ANOTHER BIG FRAUD IN FLORIDA: Racecar Driver Henri Zogaib Arrested In Alleged $5 Million Ponzi Scheme

Henri Zogaid: Source: Lake County Sheriff's Office

Former Grand-Am racecar driver Henri Zogaib has been arrested and jailed in Florida for the felony crime of organized fraud, the Florida Department of Law Enforcement (FDLE) said.

Once known for living large, Zogaib, 36, of Longwood, Fla., is listed as an inmate in the Lake County Jail. His bail was set at $100,000.

He is accused of stealing “approximately $5.1 million from 19 different victims across the country who had invested their money with Zogaib through his company, Executive Investment Group,” police said.

Among the victims were fellow racecar drivers.

The crime of organized fraud, also known as the Florida Communications Fraud Act, is a felony in Florida that may carry a maximum prison term of 30 years.

“Zogaib would convince potential investors to commit funds to the investment with the promise of large returns,” authorities said. “[He] supplied investors with documentation that demonstrated significant financial growth on their investments with the suggestion that the funds be reinvested for further financial gain. Investors eventually discovered that their money had never been invested and Zogaib had instead taken the money for his own personal use.”

The arrest culminated a joint investigation by FDLE, the Volusia County Sheriff’s Office and the Daytona Beach Police Department into allegations that Zogaib operated an organized Ponzi scheme, authorities said.

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2 Responses to “ANOTHER BIG FRAUD IN FLORIDA: Racecar Driver Henri Zogaib Arrested In Alleged $5 Million Ponzi Scheme”

  1. Quick note: AdSurfDaily members might want to familiarize themselves with the crime of organized fraud, which has a communications component.

    a) Any person who engages in a scheme to defraud and obtains property thereby is guilty of organized fraud, punishable as follows:

    1. If the amount of property obtained has an aggregate value of $50,000 or more, the violator is guilty of a felony of the first degree, punishable as provided in s. 775.082, s. 775.083, or s. 775.084.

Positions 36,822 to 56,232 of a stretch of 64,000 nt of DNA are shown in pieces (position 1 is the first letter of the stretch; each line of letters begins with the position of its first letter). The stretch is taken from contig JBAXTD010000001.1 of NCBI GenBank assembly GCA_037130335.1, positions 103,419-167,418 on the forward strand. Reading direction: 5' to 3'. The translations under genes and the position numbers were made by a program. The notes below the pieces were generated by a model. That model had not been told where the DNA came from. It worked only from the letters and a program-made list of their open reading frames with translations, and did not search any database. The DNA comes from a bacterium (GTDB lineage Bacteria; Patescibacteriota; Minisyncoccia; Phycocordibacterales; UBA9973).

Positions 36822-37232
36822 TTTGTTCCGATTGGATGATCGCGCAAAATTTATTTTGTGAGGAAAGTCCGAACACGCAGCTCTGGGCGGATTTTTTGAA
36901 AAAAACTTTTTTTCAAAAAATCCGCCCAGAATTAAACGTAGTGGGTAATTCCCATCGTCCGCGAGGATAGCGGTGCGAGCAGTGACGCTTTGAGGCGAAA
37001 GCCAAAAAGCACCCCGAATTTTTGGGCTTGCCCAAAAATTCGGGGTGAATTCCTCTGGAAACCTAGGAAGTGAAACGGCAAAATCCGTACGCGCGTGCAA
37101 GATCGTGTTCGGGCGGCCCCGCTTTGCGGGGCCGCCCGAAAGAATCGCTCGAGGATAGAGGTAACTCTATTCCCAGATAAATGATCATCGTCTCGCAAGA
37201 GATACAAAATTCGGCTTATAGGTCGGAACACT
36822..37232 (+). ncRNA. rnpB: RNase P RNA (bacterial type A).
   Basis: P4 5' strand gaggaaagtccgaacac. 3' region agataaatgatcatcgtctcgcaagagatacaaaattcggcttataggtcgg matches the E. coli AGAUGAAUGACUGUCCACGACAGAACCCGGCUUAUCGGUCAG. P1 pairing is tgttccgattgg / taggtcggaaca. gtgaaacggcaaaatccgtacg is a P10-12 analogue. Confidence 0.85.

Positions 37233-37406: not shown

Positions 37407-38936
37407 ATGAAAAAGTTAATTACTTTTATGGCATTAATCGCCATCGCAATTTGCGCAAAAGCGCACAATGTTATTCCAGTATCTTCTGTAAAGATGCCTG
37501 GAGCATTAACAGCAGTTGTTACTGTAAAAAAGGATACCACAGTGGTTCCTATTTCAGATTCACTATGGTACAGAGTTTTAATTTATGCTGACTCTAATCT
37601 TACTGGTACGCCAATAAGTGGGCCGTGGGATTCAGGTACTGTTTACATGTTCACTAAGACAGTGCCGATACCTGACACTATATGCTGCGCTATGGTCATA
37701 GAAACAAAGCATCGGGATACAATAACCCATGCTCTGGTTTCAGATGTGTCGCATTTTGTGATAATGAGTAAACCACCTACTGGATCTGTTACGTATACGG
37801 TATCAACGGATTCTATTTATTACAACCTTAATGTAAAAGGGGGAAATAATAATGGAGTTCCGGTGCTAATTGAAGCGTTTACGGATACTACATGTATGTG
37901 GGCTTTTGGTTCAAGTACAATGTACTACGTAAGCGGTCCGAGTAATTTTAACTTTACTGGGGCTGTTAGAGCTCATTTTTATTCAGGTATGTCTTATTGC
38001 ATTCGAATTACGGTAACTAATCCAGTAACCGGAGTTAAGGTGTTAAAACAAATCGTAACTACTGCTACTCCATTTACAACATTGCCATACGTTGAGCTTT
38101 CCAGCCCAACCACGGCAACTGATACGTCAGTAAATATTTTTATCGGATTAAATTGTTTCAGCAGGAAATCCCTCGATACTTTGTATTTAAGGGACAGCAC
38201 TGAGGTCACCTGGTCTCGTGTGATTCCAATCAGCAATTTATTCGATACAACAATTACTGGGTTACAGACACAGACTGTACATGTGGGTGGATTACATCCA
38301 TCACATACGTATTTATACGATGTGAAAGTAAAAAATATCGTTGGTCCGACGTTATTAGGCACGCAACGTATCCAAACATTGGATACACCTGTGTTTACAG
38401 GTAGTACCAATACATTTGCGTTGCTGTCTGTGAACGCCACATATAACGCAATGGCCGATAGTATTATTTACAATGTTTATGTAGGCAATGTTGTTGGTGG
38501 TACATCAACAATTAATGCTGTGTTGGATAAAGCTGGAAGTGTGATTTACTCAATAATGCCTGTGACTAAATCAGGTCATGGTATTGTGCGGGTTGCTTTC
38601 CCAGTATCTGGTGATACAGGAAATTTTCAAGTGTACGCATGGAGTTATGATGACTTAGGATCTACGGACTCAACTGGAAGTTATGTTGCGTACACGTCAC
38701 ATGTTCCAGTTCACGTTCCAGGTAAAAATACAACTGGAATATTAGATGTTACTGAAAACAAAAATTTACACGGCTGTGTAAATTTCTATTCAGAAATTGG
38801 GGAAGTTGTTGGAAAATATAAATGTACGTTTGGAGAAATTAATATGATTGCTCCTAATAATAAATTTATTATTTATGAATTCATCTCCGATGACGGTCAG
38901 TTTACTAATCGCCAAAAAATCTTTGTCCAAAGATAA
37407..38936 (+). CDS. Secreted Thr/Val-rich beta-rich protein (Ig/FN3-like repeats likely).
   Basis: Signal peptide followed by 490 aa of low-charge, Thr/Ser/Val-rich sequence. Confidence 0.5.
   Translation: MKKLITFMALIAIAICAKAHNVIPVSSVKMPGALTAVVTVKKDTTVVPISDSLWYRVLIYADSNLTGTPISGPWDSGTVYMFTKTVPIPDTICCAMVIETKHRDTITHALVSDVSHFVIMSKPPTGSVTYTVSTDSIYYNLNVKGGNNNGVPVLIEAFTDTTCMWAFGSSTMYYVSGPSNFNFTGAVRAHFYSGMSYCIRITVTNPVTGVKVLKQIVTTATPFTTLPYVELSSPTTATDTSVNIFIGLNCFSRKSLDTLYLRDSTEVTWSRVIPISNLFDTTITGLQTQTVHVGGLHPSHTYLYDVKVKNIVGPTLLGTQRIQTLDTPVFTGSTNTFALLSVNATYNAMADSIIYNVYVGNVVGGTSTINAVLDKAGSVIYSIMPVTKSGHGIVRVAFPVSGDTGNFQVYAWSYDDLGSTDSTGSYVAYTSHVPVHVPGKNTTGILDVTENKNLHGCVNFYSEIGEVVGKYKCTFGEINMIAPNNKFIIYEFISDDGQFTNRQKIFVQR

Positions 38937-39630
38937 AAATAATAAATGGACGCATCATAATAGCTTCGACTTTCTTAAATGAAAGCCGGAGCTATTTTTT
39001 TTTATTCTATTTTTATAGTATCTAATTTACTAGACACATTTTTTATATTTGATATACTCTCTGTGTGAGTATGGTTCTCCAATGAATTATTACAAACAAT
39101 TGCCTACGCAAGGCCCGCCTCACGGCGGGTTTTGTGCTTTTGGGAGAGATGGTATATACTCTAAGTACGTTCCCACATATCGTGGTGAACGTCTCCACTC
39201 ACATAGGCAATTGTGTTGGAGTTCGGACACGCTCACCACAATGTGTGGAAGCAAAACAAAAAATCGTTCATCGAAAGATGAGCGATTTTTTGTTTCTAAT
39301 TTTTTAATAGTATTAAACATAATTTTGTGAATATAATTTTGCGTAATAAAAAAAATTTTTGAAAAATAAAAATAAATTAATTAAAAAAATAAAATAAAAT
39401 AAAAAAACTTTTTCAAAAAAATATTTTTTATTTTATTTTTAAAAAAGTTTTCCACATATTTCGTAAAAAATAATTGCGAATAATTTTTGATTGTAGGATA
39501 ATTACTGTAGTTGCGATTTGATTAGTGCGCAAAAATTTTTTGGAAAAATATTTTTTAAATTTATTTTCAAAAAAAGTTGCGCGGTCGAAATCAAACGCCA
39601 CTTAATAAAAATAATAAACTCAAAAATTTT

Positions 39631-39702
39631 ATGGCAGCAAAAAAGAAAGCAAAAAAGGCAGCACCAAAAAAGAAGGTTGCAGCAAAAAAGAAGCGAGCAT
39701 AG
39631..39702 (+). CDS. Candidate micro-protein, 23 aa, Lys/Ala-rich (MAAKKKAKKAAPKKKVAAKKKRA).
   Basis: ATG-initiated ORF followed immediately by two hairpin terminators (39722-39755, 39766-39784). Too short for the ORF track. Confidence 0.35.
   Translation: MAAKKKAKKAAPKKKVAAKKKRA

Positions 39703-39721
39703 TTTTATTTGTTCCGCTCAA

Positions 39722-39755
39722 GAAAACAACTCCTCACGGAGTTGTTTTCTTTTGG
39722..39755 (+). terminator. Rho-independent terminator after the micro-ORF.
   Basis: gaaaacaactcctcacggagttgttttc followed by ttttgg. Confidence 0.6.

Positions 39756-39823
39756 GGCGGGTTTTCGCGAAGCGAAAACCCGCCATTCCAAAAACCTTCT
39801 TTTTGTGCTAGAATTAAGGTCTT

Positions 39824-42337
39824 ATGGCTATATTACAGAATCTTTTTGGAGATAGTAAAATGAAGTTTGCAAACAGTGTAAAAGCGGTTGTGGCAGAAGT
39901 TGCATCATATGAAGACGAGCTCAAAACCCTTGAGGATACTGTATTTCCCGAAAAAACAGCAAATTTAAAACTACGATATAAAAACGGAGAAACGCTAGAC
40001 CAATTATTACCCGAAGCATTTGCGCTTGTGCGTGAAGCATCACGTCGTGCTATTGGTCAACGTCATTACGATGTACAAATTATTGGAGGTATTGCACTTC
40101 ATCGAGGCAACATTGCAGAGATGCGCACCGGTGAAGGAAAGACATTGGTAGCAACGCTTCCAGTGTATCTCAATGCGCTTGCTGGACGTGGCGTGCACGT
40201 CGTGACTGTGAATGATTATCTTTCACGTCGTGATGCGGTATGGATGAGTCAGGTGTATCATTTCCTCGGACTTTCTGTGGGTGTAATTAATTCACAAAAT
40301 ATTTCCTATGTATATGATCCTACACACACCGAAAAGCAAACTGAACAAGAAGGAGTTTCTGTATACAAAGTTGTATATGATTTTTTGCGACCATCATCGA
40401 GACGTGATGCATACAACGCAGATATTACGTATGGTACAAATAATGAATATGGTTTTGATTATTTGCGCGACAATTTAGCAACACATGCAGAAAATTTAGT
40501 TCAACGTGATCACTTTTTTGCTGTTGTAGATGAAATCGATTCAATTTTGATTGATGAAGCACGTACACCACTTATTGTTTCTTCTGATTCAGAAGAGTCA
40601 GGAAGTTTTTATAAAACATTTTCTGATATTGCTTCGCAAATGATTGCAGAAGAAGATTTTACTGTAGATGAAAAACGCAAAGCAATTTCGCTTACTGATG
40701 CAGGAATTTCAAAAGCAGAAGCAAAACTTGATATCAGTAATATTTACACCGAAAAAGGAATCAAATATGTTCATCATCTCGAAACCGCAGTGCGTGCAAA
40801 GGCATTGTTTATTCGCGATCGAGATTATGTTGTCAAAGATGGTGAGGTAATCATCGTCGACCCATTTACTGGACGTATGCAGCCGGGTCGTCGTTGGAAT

2. If the amount of property obtained has an aggregate value of $20,000 or more, but less than $50,000, the violator is guilty of a felony of the second degree, punishable as provided in s. 775.082, s. 775.083, or s. 775.084.

    3. If the amount of property obtained has an aggregate value of less than $20,000, the violator is guilty of a felony of the third degree, punishable as provided in s. 775.082, s. 775.083, or s. 775.084.

    (b) Any person who engages in a scheme to defraud and, in furtherance of that scheme, COMMUNICATES with any person with intent to obtain property from that person is guilty, for each such act of communication, of communications fraud, punishable as follows:

    1. If the value of property obtained or endeavored to be obtained by the communication is valued at $300 or more, the violator is guilty of a third degree felony, punishable as set forth in s. 775.082, s. 775.083, or s. 775.084.

    2. If the value of the property obtained or endeavored to be obtained by the communication is valued at less than $300, the violator is guilty of a misdemeanor of the first degree, punishable as set forth in s. 775.082 or s. 775.083.

    (c) Notwithstanding any contrary provisions of law, separate judgments and sentences for organized fraud under paragraph (a) and for each offense of communications fraud under paragraph (b) may be imposed when all such offenses involve the same scheme to defraud.

    In the case against Zogaib, prosecutors alleged “[He] supplied investors with documentation that demonstrated significant financial growth on their investments with the suggestion that the funds be reinvested for further financial gain.”

    Still want to tell autosurf investors to monitor the growth of their money in their electronic back offices (numbers on a screen) while pushing autosurf 80/20 programs?

    Patrick

      (Quote)

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